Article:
We’ve had the return of Monocacy which was quite a pleasant surprise. I had really been hoping one of our Maryland owls would return and she did. Monocacy had originally been trapped at Martin State Airport and relocated to Western Maryland for her safety. But she was only half of the story.
The day after Monocacy was trapped, last March, we received a call from the APHIS Wildlife Services staff at the airport that they had trapped a second owl overnight. This owl, a male, was also relocated in western Maryland near Middletown in Frederick County. The release site was in a park surrounded by open farm land where we hoped he would spend the winter. It was wide open habitat with lots of food; rodents, flocks of horned larks, even ponds with wintering waterfowl. However, upon release he flew up until I could barely see him through binoculars and then made a bee-line to the east. Perhaps he went back to Baltimore as Monocacy did. We don’t know because we didn’t put a transmitter on him. He had received only a band after a full exam by veterinarians from the Maryland Zoo, myself and fellow owl researcher, Melissa Boyle.
I was getting ready to head to class this past Friday morning when Dave Brinker called (as with most of our tales this one also begins with a phone call). An owl had been caught at Martin State airport by APHIS Wildlife Services and it was one we had seen before. Turns out it was the male we relocated the same time as Monocacy in our first season of Project SNOWstorm. It is an amazing coincidence that two owls trapped so close in time and space were caught in the same week, but even more surprising that one had returned to the exact same place where it was originally trapped! We know that snowy owls sometimes return to the same location in subsequent winters from other research projects, but this was the first for us.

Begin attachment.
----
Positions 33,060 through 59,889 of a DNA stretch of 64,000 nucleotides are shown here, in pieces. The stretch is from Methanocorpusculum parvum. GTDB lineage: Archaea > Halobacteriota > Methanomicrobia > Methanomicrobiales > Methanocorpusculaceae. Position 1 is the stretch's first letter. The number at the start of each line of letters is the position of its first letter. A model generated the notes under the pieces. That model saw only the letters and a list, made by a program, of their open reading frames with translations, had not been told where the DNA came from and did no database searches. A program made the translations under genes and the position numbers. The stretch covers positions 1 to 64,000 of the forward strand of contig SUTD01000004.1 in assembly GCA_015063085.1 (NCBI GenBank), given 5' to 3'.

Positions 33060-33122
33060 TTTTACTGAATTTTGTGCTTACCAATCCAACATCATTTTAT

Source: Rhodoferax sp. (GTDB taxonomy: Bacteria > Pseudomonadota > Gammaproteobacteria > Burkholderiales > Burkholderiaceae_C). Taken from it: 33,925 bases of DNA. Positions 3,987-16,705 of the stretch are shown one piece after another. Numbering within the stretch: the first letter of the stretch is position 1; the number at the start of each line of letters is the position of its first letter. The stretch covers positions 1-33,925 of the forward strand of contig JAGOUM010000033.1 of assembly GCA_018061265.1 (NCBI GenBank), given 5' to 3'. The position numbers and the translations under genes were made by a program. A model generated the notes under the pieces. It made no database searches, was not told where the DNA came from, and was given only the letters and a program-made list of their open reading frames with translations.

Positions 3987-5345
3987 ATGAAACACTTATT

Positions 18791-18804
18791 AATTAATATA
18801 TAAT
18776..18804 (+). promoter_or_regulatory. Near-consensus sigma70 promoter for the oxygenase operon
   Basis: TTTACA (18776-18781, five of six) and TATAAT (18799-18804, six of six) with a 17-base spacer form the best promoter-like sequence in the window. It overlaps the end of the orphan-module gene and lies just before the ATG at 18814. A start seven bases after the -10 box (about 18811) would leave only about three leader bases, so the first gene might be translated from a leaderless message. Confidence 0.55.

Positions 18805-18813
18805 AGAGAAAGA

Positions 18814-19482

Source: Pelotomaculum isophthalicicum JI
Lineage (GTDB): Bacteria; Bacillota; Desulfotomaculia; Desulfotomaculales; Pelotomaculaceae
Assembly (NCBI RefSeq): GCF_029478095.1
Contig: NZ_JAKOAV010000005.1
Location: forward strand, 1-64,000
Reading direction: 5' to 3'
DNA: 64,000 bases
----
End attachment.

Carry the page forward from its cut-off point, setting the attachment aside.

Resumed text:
Baltimore, now with a transmitter funded by the Baltimore Bird Club, was released on Assateague Island on Valentine’s day. He is now a “third year” owl and we hope the hunting skills he has learned in the past 20 months will tell him this coastal area, with plenty of waterfowl, will be a better place to winter than an airport. With the first check in, shortly after release, Baltimore had left the island for the mainland. Will he head west for Baltimore or is he just exploring? We’ll be able to learn how successful this relocation is as we can now track the movement of these wide ranging owls. His interactive map will be put online when he checks in sometime next week.
You can help us continue this work by making a contribution through our Indiegogo fund raising campaign. No amount is too small and all proceeds go towards transmitters and the analysis of DNA, feather and blood samples. These items and services are provided to us at cost by our generous suppliers. The labor and administrative effort is all done by volunteers who share a love for these owls and the science behind the Project. 100% of your donations go to pure science!
I see that many of the owls that have taken up residence at local airports are being relocated. Does anyone know if there are plans to try and move the snowies at the Austin Straubel Airport in Green Bay?
Great outcome. :)
What a great story! Thank you for the important work you are doing!!